In Ed Rachal Found. v. D’Unger, 207 S.W.3d 330, 331 (Tex. 2006) (per curiam), the Court again referred to two earlier, authored opinions that resolved the determinative legal issue on appeal. See Austin v. HealthTrust, Inc.-The Hosp. Co., 967 S.W.2d 400, 401-02 (Tex. 1998 ); Winters v. Houston Chronicle Publ’g Co., 795 S.W.2d 723, 723 (Tex. 1990.

In In re DuPont de Nemours & Co., 136 S.W.3d 218, 227 (Tex. 2004) (per curiam), the Court reversed a trial court’s discovery order as to one subset of withheld documents. While this opinion was a little more legally complex than those discussed above, it is far more likely that the Court issued it per curiam because it dealt with only a pretrial matter and involved some 530 documents out of the more than 55,000 pages produced.

In Old Am. County Mut. Fire Ins. Co. v. Renfrow, 130 S.W.3d 70, 72-73 (Tex. 2004) (per curiam), the Court held that driving a company truck to the house of the employee’s girlfriend, and then later some forty miles away to a night spot was a “material deviation from any implied permission he may have had to use the vehicle.” The facts aren’t even close here on the scope of the permission involved—hence the per curiam disposition.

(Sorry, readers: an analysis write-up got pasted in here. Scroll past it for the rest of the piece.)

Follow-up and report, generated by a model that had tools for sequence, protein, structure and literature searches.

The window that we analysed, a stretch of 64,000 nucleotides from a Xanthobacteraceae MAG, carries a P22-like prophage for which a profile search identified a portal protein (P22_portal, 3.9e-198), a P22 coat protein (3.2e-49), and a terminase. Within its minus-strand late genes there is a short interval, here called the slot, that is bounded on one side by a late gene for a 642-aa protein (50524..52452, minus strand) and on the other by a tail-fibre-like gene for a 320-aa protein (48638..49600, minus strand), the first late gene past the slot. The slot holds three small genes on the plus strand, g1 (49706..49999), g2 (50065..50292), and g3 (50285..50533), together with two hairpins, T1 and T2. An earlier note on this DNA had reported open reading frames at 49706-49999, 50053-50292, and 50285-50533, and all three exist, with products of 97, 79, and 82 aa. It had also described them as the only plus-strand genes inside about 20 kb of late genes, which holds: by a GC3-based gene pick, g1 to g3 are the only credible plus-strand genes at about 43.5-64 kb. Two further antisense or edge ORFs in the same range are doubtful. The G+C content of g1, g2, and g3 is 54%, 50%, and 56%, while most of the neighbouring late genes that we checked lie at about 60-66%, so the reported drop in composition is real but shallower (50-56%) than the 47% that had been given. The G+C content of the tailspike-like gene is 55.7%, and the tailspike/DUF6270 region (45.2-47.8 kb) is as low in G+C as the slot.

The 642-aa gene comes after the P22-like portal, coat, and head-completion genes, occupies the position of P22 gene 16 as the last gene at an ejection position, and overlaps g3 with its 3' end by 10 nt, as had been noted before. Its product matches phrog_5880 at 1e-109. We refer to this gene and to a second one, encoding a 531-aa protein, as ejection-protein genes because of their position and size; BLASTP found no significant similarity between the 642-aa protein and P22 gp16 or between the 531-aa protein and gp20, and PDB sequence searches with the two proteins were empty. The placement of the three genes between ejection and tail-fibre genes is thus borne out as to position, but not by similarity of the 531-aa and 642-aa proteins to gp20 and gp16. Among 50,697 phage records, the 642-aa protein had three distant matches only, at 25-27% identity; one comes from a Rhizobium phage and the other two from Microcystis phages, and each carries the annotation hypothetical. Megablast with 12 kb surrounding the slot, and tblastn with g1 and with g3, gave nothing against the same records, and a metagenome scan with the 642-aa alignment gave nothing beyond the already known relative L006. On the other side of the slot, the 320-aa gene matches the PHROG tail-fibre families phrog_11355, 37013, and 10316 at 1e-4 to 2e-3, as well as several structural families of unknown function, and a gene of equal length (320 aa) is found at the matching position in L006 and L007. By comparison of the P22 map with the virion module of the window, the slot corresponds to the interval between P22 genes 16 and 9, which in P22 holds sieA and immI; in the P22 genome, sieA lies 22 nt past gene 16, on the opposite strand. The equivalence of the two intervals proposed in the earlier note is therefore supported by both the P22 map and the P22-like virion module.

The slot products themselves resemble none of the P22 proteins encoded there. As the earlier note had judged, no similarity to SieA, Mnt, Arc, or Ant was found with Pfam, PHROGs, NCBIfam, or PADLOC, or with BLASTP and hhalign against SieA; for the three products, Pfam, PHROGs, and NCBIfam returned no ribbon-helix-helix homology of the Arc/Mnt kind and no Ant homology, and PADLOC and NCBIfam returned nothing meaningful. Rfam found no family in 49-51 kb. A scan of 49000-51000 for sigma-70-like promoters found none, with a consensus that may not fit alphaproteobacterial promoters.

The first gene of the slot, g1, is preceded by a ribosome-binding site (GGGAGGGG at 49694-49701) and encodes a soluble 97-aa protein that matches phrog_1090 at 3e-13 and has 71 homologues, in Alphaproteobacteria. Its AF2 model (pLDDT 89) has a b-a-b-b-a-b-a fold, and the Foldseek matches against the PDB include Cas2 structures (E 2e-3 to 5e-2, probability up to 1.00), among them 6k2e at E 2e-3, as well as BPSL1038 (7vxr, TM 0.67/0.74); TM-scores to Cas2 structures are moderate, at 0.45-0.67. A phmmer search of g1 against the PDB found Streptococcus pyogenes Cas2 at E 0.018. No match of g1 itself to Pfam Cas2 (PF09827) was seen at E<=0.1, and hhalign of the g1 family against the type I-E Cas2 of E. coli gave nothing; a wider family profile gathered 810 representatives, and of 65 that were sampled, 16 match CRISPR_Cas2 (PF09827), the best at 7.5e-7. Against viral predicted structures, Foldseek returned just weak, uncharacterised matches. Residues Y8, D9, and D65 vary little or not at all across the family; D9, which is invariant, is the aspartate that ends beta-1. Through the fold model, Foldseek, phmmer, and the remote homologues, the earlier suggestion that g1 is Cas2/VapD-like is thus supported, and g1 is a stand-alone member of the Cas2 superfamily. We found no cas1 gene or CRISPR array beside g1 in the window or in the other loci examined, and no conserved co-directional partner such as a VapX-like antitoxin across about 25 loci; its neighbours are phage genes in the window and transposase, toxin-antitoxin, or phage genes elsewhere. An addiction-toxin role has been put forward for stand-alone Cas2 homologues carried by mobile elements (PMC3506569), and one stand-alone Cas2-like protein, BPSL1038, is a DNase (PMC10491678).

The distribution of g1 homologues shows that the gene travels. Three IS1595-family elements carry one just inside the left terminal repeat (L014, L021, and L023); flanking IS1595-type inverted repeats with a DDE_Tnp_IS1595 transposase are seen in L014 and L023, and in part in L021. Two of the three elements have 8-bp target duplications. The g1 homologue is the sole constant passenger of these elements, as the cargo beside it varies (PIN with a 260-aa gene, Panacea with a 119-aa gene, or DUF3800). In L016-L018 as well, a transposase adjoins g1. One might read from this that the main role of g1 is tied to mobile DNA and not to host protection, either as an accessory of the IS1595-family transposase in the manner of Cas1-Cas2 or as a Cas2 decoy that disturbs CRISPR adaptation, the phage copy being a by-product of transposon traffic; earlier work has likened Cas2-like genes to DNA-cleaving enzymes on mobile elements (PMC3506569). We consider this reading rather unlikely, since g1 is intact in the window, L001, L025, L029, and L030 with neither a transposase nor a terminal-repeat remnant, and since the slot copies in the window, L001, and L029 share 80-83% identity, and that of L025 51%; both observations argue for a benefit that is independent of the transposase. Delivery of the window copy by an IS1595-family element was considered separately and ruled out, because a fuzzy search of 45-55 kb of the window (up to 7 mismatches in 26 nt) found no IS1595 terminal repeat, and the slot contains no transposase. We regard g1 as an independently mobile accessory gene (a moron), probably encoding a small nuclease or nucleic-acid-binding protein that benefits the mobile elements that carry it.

In Dallas Metrocare Servs. v. Pratt, 124 S.W.3d 147, 149 (Tex. 2003) (per curiam), the Court again relied upon a previous, authored opinion’s holding that “mere incorporation of … [a] definition” from another statute “does not by itself manifest a clear legislative intent to waive immunity.” See Wichita Falls State Hospital v. Taylor, 106 S.W.3d 692 (Tex. 2003).

In Speed Boat Leasing, Inc. v. Elmer, 124 S.W.3d 210, 213 (Tex. 2003) (per curiam), the Court referenced several prior, authored opinions each of which that held a common carrier is an entity whose “business … is public transportation,” but not one to whom “such transportation is ‘only incidental’ to its primary business.”

In Tiller v. McLure, 121 S.W.3d 709, 714-15 (Tex. 2003) (per curiam), the Court held that a series of contentious, callous, and unprofessional contacts by the petitioner regarding two commercial construction contracts– while reprehensible–was not so atrocious as to qualify as “extreme and outrageous.” This one involved a little more legal analysis and might have been a somewhat closer question than those discussed above, but was clearly not so outside so the purview of the Court as to be labeled an “inappropriate” use of a per curiam opinion.